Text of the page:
Shell Shield victory, and dissolution
Finally, after four runner-up spots in the preceding six seasons, it was the Combined Islands' turn to win the Shell Shield trophy in 1980-81. After starting with a draw in Trinidad, the Combined Islands won both home games - first an innings win over Jamaica, in which Andy Roberts took 11 for 101 and completed a hat-trick, and then a 165-run win over Guyana which sealed the trophy with one game to play - against Barbados, who were 35 points behind. Despite going down by an innings and 16 runs, the Combined Islands finished 12 points ahead of Barbados - who had been docked nine of those points due to a slow over rate. The Test stars Richards and Roberts topped the batting and bowling tables respectively - Richards making 323 runs despite being dismissed for 13 and 4 by Barbados, while Roberts took 24 wickets in the three games not against Barbados - and one for 48 against the Bajans.
The innings defeat was the end of the Combined Islands team. The West Indies Cricket Board made the decision to split the team into Windward and Leeward Islands, and the first match of the 1981-82 Shell Shield was played between these two teams - the Leeward Islands, whose team included 10 players who had played for the Combined team the previous season, won by 57 runs, and has continued to be the most successful of the two sides with three first-class titles. The Windwards are yet to win a single one.
First class statistics
Batting and fielding
Qualification: 10 matches
Qualification: 600 balls bowled
|Viv Richards||OB, RM||1971-1981||26||1987||97||764||20||38.20||3-30||0||0|
Out of 30 first-class home games, the most were played in Warner Park on Saint Kitts, which hosted seven games. The team played cricket on a total of eight different islands, with Antigua getting six, Saint Lucia five, Grenada four, Dominica and Saint Vincent three, while Montserrat and Nevis hosted one game each.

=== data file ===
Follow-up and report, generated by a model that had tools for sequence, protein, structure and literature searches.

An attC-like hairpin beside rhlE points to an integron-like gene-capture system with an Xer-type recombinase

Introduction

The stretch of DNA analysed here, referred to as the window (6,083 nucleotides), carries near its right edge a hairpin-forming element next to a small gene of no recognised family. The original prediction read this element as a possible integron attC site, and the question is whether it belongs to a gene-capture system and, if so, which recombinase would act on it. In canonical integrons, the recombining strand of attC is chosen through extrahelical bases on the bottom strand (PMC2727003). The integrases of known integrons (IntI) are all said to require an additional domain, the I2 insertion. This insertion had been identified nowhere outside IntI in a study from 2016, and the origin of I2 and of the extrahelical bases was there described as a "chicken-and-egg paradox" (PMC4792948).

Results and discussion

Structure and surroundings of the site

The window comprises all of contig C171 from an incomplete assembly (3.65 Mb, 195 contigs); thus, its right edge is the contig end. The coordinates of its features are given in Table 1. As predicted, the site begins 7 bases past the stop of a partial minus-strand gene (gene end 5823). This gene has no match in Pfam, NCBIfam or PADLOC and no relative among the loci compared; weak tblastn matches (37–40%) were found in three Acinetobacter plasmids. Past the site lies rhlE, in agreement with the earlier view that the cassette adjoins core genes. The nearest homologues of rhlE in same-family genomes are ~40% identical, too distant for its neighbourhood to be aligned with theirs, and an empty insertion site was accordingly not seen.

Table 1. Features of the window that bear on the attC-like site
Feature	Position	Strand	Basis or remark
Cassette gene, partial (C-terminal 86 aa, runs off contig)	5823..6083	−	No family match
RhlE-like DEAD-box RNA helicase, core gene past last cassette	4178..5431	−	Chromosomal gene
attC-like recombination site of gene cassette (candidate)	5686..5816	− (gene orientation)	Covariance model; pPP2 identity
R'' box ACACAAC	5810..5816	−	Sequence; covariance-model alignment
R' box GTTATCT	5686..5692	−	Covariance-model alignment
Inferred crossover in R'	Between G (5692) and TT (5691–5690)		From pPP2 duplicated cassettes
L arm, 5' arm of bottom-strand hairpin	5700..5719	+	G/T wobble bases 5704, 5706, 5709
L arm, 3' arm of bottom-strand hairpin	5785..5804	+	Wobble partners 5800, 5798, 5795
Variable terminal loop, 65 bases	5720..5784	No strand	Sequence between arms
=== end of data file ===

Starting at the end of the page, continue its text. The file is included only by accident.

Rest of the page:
- Highest total for: 481 v Jamaica, 1980-81 Shell Shield, Basseterre, 23–26 January 1981
- Highest total against: 555 by Barbados, 1979-80 Shell Shield, Bridgetown, 25–28 April 1980
- Lowest total for: 53 v Barbados, 1973-74 Shell Shield, Basseterre, 5–8 January 1974
- Lowest total against: 85 by Trinidad and Tobago, 1965-66 Shell Shield, Castries, 11–14 March 1966
- Highest innings: 168 not out, Viv Richards v Trinidad and Tobago, 1980-81 Shell Shield, Queen's Park Oval, 17–20 January 1981
- Highest partnerships for each wicket:
|1st wicket||139||Lockhart Sebastien & Michael Camacho||v Trinidad and Tobago||Port of Spain||1976-77|
|2nd wicket||118||Lockhart Sebastien & Jim Allen||v Trinidad and Tobago||Basseterre||1975-76|
|3rd wicket||147||Jim Allen & Viv Richards||v Guyana||Rose Hall||1973-74|
|4th wicket||163||Irvine Shillingford & Victor Eddy||v Trinidad and Tobago||Port of Spain||1976-77|
|5th wicket||140||Viv Richards & Derick Parry||v Jamaica||Basseterre||1980-81|
|6th wicket||111||Irvine Shillingford & Derick Parry||v Barbados||Castries||1977-78|
|7th wicket||109||Alford Corriette & Irvine Shillingford||v Trinidad and Tobago||Port of Spain||1972-73|
|8th wicket||110||Norbert Phillip & Elquemedo Willett||v Barbados||Bridgetown||1972-73|
|9th wicket||146||Victor Eddy & Hugh Gore||v Jamaica||Kingstown||1976-77|
|10th wicket||62||Mike Findlay & Hugh Gore||v Jamaica||St John's||1974-75|
- Most wickets in an innings: 9-76, Derick Parry v Jamaica, 1979-80 Shell Shield, Kingston, 21–24 March 1980
- Most wickets in a match: 15-101, Derick Parry v Jamaica, 1979-80 Shell Shield, Kingston, 21–24 March 1980